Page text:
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Blog entry by littlecope posted 05-22-2009 04:28 AM 1009 reads 0 times favorited 2 comments Add to Favorites Watch

Sometimes, the means to produce a part of a project are nearly as interesting as the project itself! I’m building another box (Shock!! Surprise!!), similar to the “Quiet Little Oak Box” only larger. I again needed to cut some skewed tenons.What I wanted
I didn’t want to do it the same way as last time. Making changesMaking changes
Not that it didn’t work, but I wanted more control and accuracy. Also, this time was not a change of mind, where I could use the first, straight tenons as a handy guide for sawing the skewed ones. So I came up with this:The "Sled" Jig A sort of “Sled” jig. Simply drilled a large maneuvering hole (1”) and cut a working area for the blade, tilted the saw table to 45, cut a straight line, flipped it over and cut back out from the large hole, using where the blade emerged on the bottom from the first cut as the line for the second cut. After positioning the new jig offset 1/4” (looking for 1/2” tenons) and allowing for the blades slight cutting offset from the table, I clamped it FIRMLY to the table. After checking to see if there was ANY movement or sliding around (there wasn’t), I went ahead and started making the cuts. It actually worked better than I anticipated! Indeed, the first few cuts I was over-applying pressure and found that it worked easier with a lighter hand, just letting it slide along up to the depth marks. "In Use"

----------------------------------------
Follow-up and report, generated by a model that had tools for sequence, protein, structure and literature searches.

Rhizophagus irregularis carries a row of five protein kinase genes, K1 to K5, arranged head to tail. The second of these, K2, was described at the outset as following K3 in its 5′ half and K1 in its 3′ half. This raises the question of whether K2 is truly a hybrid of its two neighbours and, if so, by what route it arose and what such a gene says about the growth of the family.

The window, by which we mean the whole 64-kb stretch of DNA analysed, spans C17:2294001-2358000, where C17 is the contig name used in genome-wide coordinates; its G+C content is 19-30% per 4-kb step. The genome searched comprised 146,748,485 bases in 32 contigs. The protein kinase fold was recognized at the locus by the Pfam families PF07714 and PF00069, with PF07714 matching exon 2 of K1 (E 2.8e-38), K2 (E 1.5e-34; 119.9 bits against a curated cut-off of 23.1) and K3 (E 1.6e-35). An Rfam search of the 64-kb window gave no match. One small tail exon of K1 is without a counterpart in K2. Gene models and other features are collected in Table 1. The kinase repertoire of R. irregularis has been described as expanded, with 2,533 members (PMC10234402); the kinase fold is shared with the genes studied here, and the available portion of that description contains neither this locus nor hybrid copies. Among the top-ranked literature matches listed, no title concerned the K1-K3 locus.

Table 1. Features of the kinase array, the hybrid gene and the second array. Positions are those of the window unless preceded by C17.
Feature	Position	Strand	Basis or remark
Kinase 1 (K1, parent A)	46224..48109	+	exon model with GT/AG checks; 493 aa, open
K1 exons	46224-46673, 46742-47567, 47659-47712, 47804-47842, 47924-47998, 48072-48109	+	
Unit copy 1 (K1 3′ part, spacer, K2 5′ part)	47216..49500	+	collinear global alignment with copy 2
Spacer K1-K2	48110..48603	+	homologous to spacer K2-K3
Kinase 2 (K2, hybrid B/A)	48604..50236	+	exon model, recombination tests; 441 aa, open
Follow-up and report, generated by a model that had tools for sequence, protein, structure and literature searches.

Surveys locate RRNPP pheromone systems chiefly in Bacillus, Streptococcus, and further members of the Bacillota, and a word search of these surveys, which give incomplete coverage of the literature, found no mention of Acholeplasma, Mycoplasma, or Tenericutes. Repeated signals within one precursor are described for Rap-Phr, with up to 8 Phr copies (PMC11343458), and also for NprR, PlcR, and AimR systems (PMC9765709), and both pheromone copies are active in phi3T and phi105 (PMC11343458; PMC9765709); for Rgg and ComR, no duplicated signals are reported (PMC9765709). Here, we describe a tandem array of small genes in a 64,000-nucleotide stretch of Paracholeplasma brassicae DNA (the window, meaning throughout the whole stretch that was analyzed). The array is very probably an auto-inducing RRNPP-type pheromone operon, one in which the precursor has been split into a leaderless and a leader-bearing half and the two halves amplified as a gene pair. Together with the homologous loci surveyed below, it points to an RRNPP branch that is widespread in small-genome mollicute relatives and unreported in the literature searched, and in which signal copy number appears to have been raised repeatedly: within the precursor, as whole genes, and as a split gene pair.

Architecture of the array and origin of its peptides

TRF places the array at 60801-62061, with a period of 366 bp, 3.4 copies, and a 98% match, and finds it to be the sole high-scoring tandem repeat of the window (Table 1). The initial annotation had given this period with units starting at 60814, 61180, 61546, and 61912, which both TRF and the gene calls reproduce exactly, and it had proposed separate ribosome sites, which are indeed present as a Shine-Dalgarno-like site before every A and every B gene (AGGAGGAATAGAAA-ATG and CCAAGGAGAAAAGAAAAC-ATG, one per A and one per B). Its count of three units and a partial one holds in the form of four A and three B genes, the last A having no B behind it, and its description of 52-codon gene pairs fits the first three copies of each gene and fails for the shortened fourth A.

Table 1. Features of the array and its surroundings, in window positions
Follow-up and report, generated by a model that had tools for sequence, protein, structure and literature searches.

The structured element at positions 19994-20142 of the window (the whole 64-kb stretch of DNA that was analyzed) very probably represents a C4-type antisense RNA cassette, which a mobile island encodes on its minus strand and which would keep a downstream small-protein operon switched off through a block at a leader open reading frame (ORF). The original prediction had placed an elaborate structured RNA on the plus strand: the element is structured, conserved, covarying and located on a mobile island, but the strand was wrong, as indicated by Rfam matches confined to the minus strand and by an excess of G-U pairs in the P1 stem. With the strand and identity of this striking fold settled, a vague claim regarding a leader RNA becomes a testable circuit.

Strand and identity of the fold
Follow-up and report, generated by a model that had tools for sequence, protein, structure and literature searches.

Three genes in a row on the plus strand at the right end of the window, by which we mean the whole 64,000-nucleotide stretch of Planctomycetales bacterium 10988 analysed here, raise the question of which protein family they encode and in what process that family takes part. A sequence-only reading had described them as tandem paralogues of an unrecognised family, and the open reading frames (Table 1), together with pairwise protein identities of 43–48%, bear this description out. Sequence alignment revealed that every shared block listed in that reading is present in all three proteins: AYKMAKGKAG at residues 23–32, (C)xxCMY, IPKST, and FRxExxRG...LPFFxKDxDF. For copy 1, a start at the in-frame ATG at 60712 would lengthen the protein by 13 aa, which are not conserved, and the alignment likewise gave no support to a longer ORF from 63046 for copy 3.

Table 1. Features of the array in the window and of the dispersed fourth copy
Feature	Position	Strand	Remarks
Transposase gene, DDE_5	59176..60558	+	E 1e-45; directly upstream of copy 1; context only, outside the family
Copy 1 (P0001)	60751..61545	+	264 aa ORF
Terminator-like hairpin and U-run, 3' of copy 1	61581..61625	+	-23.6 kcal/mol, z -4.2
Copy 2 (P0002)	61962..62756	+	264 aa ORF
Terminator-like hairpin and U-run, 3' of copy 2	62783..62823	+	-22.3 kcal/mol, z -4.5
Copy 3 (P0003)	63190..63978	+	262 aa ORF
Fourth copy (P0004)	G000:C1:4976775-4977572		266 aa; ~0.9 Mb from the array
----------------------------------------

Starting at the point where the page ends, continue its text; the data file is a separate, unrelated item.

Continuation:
The shoulder cuts still needed to be cut by hand but those are pretty straight forward. About half way through the jig cutting, I checked the clamp to see if the vibrations of the scroll saw had loosened it up at all, but all was good! Of course, I still had to clean everything up with a good file, but overall it worked almost too easy!! I’m thinking this would work pretty well on a band saw or drill press, and on small round stock as well. :-) Michael C.

-- Mike in Concord, NH---Unpleasant tasks are simply worthy challenges to improve skills.

2 comments so far

View a1Jim's profile


117115 posts in 3600 days

#1 posted 05-22-2009 07:30 AM

way to go good jig

-- wood crafting & woodworking classes

View patron's profile


13606 posts in 3363 days

#2 posted 05-22-2009 03:54 PM

you could use the same sled in front of a miter guide on tablesaw , set rip guide for legth of tenon and raise saw for
thickness of tenon ( start on tenon end to get proper thickness ) . go easy as raising saw doubles stock removal .
i usualy cut shoulder first as there is more solid wood on first pass then work to end . i use dado stack , makes quick work , and only 1 settup .

-- david - only thru kindness can this world be whole . If we don't succeed we run the risk of failure. Dan Quayle

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